Does it make a difference? Absolutely! Imagine …no need to shhhhh your child. No angry stares from other movie goers. Many parents think twice before bringing a child to a movie theater. Add to that your child’s special needs and it can easily become cause for parental panic. Captain America movie posterBut on this one day a month, for this one screening, everyone is there to relax and have a good time, everyone expects to be surrounded by kids – with and without special needs – and the movie theater policy becomes “Tolerance is Golden“.

Tomorrow, Tuesday, May 10th at 7pm, and Saturday, May 14th at 10am (local time), families affected by autism or other special needs have the opportunity to view a sensory friendly screening of Captain America: Civil War. Tickets are $4 to $6 depending on the location. To find a theatre near you, here is a list of AMC theatres nationwide participating in this fabulous program (note: to access full list, please scroll to the bottom of the page).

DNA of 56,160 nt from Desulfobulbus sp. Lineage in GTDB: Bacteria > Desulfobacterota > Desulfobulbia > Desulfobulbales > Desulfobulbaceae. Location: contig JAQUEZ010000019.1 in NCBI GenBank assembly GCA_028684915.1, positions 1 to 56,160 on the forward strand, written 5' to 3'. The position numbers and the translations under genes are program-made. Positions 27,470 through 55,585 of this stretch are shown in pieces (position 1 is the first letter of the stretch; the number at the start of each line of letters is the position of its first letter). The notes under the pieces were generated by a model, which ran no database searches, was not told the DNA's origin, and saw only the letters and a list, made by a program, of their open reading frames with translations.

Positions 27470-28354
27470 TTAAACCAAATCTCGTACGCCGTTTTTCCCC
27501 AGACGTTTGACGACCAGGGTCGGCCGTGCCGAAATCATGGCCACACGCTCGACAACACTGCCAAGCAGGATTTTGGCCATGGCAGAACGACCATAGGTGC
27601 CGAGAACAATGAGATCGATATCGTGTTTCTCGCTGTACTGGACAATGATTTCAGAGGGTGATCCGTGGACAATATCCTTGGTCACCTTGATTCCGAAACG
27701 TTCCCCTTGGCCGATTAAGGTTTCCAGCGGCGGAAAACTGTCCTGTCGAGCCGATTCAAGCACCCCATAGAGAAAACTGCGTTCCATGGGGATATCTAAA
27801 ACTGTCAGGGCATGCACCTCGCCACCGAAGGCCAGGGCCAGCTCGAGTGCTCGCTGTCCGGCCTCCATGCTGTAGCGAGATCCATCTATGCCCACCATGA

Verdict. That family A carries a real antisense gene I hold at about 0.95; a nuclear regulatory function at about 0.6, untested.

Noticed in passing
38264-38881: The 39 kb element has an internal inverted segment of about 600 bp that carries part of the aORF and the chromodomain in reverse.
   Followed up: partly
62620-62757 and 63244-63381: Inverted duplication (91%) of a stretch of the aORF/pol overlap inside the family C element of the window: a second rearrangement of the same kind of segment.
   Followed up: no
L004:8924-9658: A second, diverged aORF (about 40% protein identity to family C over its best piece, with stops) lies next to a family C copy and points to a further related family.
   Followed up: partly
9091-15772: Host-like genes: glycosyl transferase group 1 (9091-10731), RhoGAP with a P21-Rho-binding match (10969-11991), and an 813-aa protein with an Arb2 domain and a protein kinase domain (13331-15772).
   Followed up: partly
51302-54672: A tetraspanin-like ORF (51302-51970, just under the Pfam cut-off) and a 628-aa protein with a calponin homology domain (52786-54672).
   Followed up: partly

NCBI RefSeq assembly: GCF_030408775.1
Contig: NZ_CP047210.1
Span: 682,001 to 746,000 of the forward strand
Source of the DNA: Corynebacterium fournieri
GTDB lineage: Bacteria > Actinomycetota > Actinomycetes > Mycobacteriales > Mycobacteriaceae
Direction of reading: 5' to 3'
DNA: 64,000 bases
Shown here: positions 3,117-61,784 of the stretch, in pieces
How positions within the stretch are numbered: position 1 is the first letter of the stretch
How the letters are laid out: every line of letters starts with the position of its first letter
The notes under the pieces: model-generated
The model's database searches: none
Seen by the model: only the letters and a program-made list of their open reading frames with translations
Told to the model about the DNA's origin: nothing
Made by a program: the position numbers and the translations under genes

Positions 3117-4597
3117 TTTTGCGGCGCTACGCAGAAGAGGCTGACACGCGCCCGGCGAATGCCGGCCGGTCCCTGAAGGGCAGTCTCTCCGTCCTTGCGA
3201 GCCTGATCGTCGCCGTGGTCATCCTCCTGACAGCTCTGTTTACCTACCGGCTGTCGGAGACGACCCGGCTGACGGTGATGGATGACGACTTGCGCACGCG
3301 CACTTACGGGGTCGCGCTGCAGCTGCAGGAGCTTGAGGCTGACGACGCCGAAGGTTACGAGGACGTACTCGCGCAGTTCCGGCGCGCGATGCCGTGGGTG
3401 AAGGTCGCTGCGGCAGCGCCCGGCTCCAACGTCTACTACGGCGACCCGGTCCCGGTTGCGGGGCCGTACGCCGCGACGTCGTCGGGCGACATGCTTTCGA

Coming later in May: Neighbors 2:Sorority Rising (Tues, 5/24) and Alice Through the Looking Glass (Sat, 5/28)


Editor’s note: Although Captain America: Civil War has been chosen by the AMC and the Autism Society as this month’s Sensory Friendly Film, we do want parents to know that it is rated PG-13 by the Motion Picture Association of America for extended sequences of violence, action and mayhem. As always, please check the IMDB Parents Guide for a more detailed description of this film to determine if it is right for you and your child.

Squirmin’ Wormin’ Kids? …3 Ways You Can Help Them

Last updated on May 30th, 2017 at 11:18 pm